Common Core State Standards
Understanding mathematics
These Standards define what students should understand and be able to do in
their study of mathematics. Asking a student to understand something means
asking a teacher to assess whether the student has understood it. But what does
mathematical understanding look like? One hallmark of mathematical understanding
is the ability to justify, in a way appropriate to the student’s mathematical maturity,
why a particular mathematical statement is true or where a mathematical rule
comes from. There is a world of difference between a student who can summon a
mnemonic device to expand a product such as (a + b)(x + y) and a student who
can explain where the mnemonic comes from. The student who can explain the rule
understands the mathematics, and may have a better chance to succeed at a less
familiar task such as expanding (a + b + c)(x + y). Mathematical understanding and
procedural skill are equally important, and both are assessable using mathematical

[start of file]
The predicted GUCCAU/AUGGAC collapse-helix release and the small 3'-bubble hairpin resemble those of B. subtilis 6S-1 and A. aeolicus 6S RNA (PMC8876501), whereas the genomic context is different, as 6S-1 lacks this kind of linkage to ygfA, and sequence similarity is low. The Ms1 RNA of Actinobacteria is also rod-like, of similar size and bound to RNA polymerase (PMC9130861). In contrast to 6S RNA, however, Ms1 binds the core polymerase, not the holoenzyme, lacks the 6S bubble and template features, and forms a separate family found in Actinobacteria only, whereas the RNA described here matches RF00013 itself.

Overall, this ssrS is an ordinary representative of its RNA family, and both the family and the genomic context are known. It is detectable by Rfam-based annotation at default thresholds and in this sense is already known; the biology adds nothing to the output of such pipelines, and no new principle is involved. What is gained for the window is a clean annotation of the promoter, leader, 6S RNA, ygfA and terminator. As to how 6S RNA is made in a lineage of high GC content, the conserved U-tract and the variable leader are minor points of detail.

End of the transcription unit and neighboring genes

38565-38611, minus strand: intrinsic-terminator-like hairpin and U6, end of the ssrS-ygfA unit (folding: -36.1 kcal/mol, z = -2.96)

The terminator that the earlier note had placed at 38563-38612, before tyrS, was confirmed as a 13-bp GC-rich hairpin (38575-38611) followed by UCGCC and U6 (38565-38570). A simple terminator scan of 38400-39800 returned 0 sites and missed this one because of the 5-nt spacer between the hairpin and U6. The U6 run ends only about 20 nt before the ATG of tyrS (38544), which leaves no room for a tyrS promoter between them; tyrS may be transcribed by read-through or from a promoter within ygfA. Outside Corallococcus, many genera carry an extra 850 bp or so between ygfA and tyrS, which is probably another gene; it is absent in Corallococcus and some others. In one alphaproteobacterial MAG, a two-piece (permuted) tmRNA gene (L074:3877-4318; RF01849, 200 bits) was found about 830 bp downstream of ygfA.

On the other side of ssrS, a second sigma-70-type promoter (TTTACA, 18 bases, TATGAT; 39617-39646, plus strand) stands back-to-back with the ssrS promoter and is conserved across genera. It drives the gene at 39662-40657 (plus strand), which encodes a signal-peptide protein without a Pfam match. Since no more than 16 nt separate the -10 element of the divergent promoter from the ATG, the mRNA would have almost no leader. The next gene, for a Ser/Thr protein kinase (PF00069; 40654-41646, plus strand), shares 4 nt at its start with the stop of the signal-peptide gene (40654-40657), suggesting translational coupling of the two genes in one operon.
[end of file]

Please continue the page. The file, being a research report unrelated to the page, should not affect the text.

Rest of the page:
tasks of sufficient richness.
The Standards set gradespecific standards but do not define the intervention
methods or materials necessary to support students who are well below or well
above gradelevel expectations. It is also beyond the scope of the Standards to
define the full range of supports appropriate for English language learners and
for students with special needs. At the same time, all students must have the
opportunity to learn and meet the same high standards if they are to access the
knowledge and skills necessary in their postschool lives. The Standards should
be read as allowing for the widest possible range of students to participate fully
from the outset, along with appropriate accommodations to ensure maximum
participaton of students with special education needs. For example, for students
with disabilities reading should allow for use of Braille, screen reader technology, or
other assistive devices, while writing should include the use of a scribe, computer,
or speechtotext technology. In a similar vein, speaking and listening should be
interpreted broadly to include sign language. No set of gradespecific standards
can fully reflect the great variety in abilities, needs, learning rates, and achievement
levels of students in any given classroom. However, the Standards do provide clear
signposts along the way to the goal of college and career readiness for all students.